Tel Maresha / Beit Guvrin (Israël) : Where history becomes a story


Sights and Insights: Where history becomes a story

Wayne Stiles / Photo by: 

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Tel Maresha and Beit Guvrin offer a wonderful peek at life as it really was, says Dr. Wayne Stiles.

Tel Maresha

With picks in hand, my wife and I entered an Idumean cave near Tel Maresha. The archaeological dig had only recently begun, so our group was one of the first to volunteer.

The low ceiling of the cave forced us to squat while digging, and I could see the original tool markings still scratched on the walls of the cave. Everybody was thrilled when my wife unearthed a fully-intact jar handle. I dug up some pottery shards, and upon a close examination, I saw fingerprints on them. I held my own fingertips next to the shards and compared my prints to those on the pottery. Whoever the potter was two thousand years ago seemed more real to me as I felt the roughness of their fingerprints. Somehow it bridged an emotional gap between the second-century potter and me.


Many of us appreciate how the discipline of archaeology often increases our understanding of Bible lands and its history. But I also love how archaeology gives immense insight into the way people lived. It provides an everyday look—even an emotional connection—between then and now. It connects us to the real people of history.

Maresha, in the Guvrin Valley, belonged to the tribe of Judah (Joshua 15:44). The valley is one of five that cuts east-west through the Shephelah, the foothills between the coastal plain and the Judean Hill Country. To defend his kingdom, Rehoboam fortified Maresha (2 Chronicles 11:8), and later King Asa won a great victory there against Zerah the Cushite (2 Chronicles 14:9-12). When the Assyrian Sennacherib plowed through Israel in 701 BC, Maresha fell along with most of Judah’s major cities.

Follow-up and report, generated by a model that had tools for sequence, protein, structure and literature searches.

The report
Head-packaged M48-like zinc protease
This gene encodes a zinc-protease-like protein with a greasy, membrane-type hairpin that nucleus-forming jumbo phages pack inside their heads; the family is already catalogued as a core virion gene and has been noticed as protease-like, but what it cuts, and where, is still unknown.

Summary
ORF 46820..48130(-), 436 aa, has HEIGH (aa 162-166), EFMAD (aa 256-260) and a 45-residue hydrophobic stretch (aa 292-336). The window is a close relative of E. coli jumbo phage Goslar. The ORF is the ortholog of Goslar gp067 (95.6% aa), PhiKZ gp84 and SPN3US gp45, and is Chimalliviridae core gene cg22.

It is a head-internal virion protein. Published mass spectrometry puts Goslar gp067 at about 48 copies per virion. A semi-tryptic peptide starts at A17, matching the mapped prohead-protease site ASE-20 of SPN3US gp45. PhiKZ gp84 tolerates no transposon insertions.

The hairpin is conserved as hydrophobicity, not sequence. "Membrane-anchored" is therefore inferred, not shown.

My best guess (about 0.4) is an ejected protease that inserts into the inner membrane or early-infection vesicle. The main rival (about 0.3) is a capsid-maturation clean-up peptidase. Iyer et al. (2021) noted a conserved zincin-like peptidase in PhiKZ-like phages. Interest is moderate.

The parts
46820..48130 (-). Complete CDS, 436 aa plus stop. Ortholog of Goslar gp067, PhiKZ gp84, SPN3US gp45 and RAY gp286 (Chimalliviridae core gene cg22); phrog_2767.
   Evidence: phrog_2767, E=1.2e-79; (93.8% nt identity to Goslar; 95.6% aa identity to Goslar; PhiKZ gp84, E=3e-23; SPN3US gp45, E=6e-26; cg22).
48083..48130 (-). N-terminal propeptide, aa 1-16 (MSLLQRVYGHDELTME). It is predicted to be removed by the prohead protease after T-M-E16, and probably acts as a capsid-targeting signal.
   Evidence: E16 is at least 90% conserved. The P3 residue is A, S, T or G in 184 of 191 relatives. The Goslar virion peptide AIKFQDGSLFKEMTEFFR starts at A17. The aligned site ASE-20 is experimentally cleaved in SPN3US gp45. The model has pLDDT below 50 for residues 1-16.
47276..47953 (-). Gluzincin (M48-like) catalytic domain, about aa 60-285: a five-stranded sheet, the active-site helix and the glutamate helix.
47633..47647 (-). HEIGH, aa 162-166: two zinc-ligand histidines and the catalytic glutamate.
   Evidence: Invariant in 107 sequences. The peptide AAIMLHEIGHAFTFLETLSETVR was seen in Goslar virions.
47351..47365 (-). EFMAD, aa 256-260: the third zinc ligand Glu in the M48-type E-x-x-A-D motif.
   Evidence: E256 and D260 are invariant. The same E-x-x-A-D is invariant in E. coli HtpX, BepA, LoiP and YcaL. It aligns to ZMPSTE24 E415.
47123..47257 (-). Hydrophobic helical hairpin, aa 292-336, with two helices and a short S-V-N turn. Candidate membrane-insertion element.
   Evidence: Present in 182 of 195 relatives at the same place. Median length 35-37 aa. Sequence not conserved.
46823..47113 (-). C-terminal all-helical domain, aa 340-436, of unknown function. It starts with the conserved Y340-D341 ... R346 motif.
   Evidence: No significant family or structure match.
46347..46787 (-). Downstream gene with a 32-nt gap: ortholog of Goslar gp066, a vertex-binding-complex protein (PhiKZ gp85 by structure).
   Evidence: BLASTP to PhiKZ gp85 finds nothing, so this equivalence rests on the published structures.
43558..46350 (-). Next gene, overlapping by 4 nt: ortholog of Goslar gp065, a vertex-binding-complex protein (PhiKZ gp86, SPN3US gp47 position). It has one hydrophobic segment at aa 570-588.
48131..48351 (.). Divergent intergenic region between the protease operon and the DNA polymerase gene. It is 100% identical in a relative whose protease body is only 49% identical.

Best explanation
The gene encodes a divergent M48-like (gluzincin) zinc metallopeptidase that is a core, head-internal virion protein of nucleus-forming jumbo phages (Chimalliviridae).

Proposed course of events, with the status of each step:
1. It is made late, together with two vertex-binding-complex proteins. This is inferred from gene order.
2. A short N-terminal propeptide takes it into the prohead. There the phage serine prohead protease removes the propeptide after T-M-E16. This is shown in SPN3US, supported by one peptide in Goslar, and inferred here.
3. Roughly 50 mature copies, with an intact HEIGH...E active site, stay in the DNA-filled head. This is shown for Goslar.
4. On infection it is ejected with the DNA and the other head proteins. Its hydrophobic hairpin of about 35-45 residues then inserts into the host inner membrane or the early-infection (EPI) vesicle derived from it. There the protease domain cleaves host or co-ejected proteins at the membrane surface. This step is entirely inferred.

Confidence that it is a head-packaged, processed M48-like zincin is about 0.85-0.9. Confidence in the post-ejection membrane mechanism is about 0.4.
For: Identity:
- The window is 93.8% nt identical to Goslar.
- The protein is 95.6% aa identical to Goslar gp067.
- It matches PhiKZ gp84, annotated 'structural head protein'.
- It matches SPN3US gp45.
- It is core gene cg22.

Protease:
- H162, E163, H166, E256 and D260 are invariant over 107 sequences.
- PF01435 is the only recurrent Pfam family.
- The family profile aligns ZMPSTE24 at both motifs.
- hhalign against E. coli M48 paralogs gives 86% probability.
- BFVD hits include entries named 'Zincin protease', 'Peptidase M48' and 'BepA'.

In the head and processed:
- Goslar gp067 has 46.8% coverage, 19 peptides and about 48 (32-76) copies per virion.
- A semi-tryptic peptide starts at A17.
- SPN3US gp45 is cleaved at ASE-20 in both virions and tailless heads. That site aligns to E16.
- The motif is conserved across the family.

While Judah was in exile in Babylon, the Edomites settled in the area, making Maresha the capital of their kingdom of “Idumea.” John Hyrcanus conquered Maresha in 112 BC and forced the Idumeans to convert to Judaism or to leave.

After the Parthians destroyed Maresha in 40 BC, the populace moved north to nearby Beit Guvrin. The area remained under Jewish control until the Bar Kochba revolt (AD 132-135). During this time the rebels dug tunnels and caves in which they hid and over which they often built their homes. The potter’s fingerprints I saw likely were those from this era.

The region is honeycombed with hundreds of caves and serves as one of the biggest tourist draws of the area. Many of these caves were ancient mines that date from the 4th through the 9th centuries. Below the hard, limestone nari crust of the Shephelah lies a soft chalky layer mined for the lime used in making mortar. A small opening at the surface allowed miners to dig an ever-widening space below, shaped like a bell for support. Today’s visitors can also explore a large columbarium that served as a dovecote in antiquity. A beautifully adorned Sidonian tomb is also open for viewing. All underground testimonies to the ease of cave digging.



Beit Guvrin

Around the year 200, Beit Guvrin was renamed Eleutheropolis (meaning “City of the Free”) and became an important administrative center for Rome. A Roman amphitheater, unearthed in 1980, allows modern visitors to see where gladiators competed before five thousand spectators.

There’s much to see in the area of Tel Maresha and Beit Guvrin. Remnants of pottery, war, industry, entertainment, and tombs—all gifts of archaeology.

The area offers a wonderful peek at life as it really was. History becomes a story.